When the Plot Breadcrumbs Lead Nowhere

Creativity Sessions writing process. Evening Satellite Publishing.

Leaving breadcrumbs as you write a story is fun.

That stranger in the tavern who eyes your character just a little too long. The oddly repetitive appearance of a particular animal that just has to be symbolic. Or the mysterious item that seems to catch anyone’s interest who lays eyes on it.

Experienced readers often notice these little details and wonder if they are clues into what might come later in the plot. Continue reading “When the Plot Breadcrumbs Lead Nowhere”

Exercise 6, Part 2: The Old Woman

This is the second part of Exercise 6 from Ursula Le Guin’s Steering the Craft book.  To recap: Chapter 6 was about verbs, specifically dealing with person and tense. This serves as a prelude to chapter 7, which is a long (and intimidating!) chapter on point of view.  My take on this exercise has an old woman wandering around the remains of her house after a fire and remembering a different disaster that struck when she was a child.

The prompt: “Exercise Six: The Old Woman

This should run to a page or so; keep it short and not too ambitious, because you are going to write the same story twice.

The subject is this: An old woman is busy doing something – washing the dishes, or gardening, or editing a PhD dissertation in mathematics, whatever you like – as she thinks about an event that happened in her youth.

You’re going to intercut between the two times. “Now ” is where she is and what’s she’s doing; “then” is her memory of something that happened when she was young. Your narration will move back and forth between “now” and “then.”

You will make at least two of these moves or time jumps.

Continue reading “Exercise 6, Part 2: The Old Woman”

Exercise 6, Part 1: The Old Woman

Back at it with Exercise 6 from Ursula Le Guin’s Steering the Craft book. Chapter 6 was about verbs, specifically dealing with person and tense. This serves as a prelude to chapter 7, which is a long chapter on point of view.  I have to admit I procrastinated on this exercise – and I did so for a reason that surprised me! First, though, the prompt:

“Exercise Six: The Old Woman

This should run to a page or so; keep it short and not too ambitious, because you are going to write the same story twice.

The subject is this: An old woman is busy doing something – washing the dishes, or gardening, or editing a PhD dissertation in mathematics, whatever you like – as she thinks about an event that happened in her youth.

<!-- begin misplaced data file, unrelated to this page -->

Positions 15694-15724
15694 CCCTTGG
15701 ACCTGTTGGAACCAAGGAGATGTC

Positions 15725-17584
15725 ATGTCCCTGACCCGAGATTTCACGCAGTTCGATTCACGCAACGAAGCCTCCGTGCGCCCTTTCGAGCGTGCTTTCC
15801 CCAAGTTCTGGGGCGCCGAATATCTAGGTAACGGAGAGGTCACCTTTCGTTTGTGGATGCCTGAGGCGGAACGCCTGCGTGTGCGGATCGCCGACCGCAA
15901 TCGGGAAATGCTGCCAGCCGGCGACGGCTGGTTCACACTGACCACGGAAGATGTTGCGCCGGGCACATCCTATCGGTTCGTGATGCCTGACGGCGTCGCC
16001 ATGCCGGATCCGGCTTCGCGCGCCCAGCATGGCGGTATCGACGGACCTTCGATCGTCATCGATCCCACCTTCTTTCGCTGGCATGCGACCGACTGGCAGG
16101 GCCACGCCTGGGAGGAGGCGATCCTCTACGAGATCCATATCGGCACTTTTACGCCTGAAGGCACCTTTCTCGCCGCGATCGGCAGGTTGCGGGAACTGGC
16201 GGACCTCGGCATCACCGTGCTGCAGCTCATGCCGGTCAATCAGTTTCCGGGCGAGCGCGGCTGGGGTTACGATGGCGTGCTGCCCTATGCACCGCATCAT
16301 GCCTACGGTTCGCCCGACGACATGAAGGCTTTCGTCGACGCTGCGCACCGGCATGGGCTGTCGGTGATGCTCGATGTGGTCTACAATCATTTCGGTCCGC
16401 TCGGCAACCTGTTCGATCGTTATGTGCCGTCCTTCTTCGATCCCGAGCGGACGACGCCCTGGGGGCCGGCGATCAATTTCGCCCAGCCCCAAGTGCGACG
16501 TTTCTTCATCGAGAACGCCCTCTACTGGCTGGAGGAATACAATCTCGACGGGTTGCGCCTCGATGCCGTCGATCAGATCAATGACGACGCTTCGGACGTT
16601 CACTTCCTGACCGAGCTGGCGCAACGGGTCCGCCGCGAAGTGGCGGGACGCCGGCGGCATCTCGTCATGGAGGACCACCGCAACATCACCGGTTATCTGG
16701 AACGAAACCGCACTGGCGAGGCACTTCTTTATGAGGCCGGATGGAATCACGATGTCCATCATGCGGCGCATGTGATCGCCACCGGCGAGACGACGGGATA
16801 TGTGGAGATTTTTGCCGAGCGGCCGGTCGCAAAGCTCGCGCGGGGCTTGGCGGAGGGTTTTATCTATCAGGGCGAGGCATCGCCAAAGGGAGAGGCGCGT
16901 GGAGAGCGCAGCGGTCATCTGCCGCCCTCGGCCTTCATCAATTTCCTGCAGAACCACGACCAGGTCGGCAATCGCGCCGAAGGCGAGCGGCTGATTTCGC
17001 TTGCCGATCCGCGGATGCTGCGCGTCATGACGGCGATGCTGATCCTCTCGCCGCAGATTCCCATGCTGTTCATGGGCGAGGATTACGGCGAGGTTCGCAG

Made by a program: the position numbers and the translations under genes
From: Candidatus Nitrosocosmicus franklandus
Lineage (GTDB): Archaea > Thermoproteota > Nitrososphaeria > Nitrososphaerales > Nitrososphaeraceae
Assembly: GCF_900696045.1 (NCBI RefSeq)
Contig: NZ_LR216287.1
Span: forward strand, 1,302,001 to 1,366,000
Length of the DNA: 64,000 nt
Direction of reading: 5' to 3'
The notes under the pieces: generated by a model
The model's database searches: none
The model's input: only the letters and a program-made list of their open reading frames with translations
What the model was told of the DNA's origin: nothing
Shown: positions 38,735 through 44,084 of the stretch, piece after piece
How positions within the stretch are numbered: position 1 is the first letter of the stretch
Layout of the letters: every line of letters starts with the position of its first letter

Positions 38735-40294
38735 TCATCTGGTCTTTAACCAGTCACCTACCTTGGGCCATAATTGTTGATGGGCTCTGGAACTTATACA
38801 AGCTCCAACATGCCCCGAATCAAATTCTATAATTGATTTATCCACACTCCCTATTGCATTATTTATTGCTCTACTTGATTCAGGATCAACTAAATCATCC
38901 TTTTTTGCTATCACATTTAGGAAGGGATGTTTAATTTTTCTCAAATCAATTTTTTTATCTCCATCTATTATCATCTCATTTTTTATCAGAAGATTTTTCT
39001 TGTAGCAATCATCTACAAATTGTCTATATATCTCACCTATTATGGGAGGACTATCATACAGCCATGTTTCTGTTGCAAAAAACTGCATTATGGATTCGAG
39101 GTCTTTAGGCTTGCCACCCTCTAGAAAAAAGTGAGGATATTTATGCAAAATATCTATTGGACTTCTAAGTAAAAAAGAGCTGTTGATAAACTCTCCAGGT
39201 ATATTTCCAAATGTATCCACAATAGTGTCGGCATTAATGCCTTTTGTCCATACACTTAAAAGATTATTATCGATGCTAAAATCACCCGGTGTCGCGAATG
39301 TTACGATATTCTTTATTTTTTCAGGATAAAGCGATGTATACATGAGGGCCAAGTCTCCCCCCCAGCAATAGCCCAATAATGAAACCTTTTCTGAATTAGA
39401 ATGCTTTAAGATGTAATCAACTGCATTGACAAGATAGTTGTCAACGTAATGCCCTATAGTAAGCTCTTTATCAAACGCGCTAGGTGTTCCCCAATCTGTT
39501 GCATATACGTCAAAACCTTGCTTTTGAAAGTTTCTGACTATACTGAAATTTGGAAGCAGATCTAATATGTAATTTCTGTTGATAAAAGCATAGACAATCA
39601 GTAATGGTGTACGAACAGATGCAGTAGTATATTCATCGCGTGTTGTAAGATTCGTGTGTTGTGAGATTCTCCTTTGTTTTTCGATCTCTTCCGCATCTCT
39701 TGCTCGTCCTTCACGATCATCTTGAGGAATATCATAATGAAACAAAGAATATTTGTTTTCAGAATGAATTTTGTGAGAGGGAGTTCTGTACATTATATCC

You’re going to intercut between the two times. “Now ” is where she is and what’s she’s doing; “then” is her memory of something that happened when she was young. Your narration will move back and forth between “now” and “then.”

You will make at least two of these moves or time jumps.

Continue reading “Exercise 6, Part 1: The Old Woman”

Exercise 5: Chastity

The exercise Le Guin’s proposes at the end of chapter 5 takes far longer to complete than her short little chapter (just two and a half pages!) on adjectives and adverbs would lead you to believe. She admits that this one is hard and suggests you do it away from the pressure of a class or group. I did find myself staring at the blank page for quite a while…once I did start writing, I was surprised at the sinister turn my little paragraph took.

Exercise 5: Chastity

Write a paragraph (200-350 words) to a page of descriptive narrative prose without adjectives or adverbs. No dialogue.

The point is to give a vivid description of a scene or action using only verbs, nouns, pronouns, and articles…

Ursula Le Guin, Steering the Craft, page 45.
Continue reading “Exercise 5: Chastity”

Exercise 4, Part 2: Again and Again and Again

Of the two exercises in Chapter 4 of Steering the Craft, I thought this one was the harder. It was also the first time Le Guin gave us the option to write a complete short story.  The other exercises had pretty tame word counts – 150, 250, 350 words – but this time, she didn’t limit us. And if Ursula Le Guin suggests doing something, I figure it is worth a serious listen.

“Part Two: Structural Repetition

Write a short narrative (350-1000 words) in which something is said or done and then something is said or done that echoes or repeats it, perhaps in a different context, or by different people, or on a different scale. 

This can be a complete story, if you like or a fragment of a narrative.

(Page 41-42 of Steering the Craft, by Ursula Le Guin)

I did try to make it a complete story – came in a 1285 words – woo!

Personal Earthmovers